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importance of using data in today’s competitive pubs market

 Hawthorn Leisure, run by Noah Bulkin, is a new pub company which recognises the importance of data to running a profitable pub business. The company now has several hundred pubs and is aiming to transform them from struggling to successful by tracking everything from the price charged for beer to daily sales fluctuations to customers’ drink preferences.

Understanding pricing and the mix of drinks is key, Bulkin says: “A lot of pubs don’t have that data.” As he sees it, British pubs have long suffered from a lack of attention. “If you can make them the core of your business,” he says, “there’s a fantastic opportunity.”

The industry is fighting back, thanks in part to investors like Bulkin. After six years of declines, sales at pubs open at least a year have grown for 14 consecutive months, according to pub industry data provider CGA Strategy.

Bulkin is buying up mostly tenanted pubs—he’s acquired 363 since early May. He is spending anywhere from roughly £10,000 to £100,000 per bar on renovations, including new touchscreen cash registers that are linked to a centralized database and allow Bulkin to see what’s selling and what’s not. With the help of a former banking colleague, he’s projecting potential sales and earnings at the pubs. “Applying some granular analysis of what a person might drink and what they will pay is an incredibly important element,” he says. “This hasn’t been done in the bottom end of the sector.” Two beers that are identical in price and taste similar could deliver as much as an 80 percent difference in profit, he says.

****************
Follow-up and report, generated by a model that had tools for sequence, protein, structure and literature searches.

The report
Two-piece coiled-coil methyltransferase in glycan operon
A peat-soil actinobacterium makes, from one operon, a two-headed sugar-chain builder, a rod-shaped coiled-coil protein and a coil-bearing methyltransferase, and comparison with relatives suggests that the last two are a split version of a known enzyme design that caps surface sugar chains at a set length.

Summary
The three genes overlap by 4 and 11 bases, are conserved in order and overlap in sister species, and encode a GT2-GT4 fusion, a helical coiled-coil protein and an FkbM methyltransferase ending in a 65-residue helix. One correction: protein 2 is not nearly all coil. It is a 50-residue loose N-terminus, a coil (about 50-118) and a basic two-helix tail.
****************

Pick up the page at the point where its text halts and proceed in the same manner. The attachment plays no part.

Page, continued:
Bulkin also hopes to improve relationships with tenants. He requires his managers to meet with tenants weekly—previous owners, he says, checked in only once every few weeks—to discuss which beers to offer, pricing, and how to differentiate the pub from competitors. “We can be very flexible and creative to come up with the right structure for each pub,” he says.

Zonal Retail Data Systems, which supplies registers and databases to U.K. pubs, says it will increase sales to about £50 million this year, more than double what it sold in 2010.

This story was originally published in Bloomberg Business Week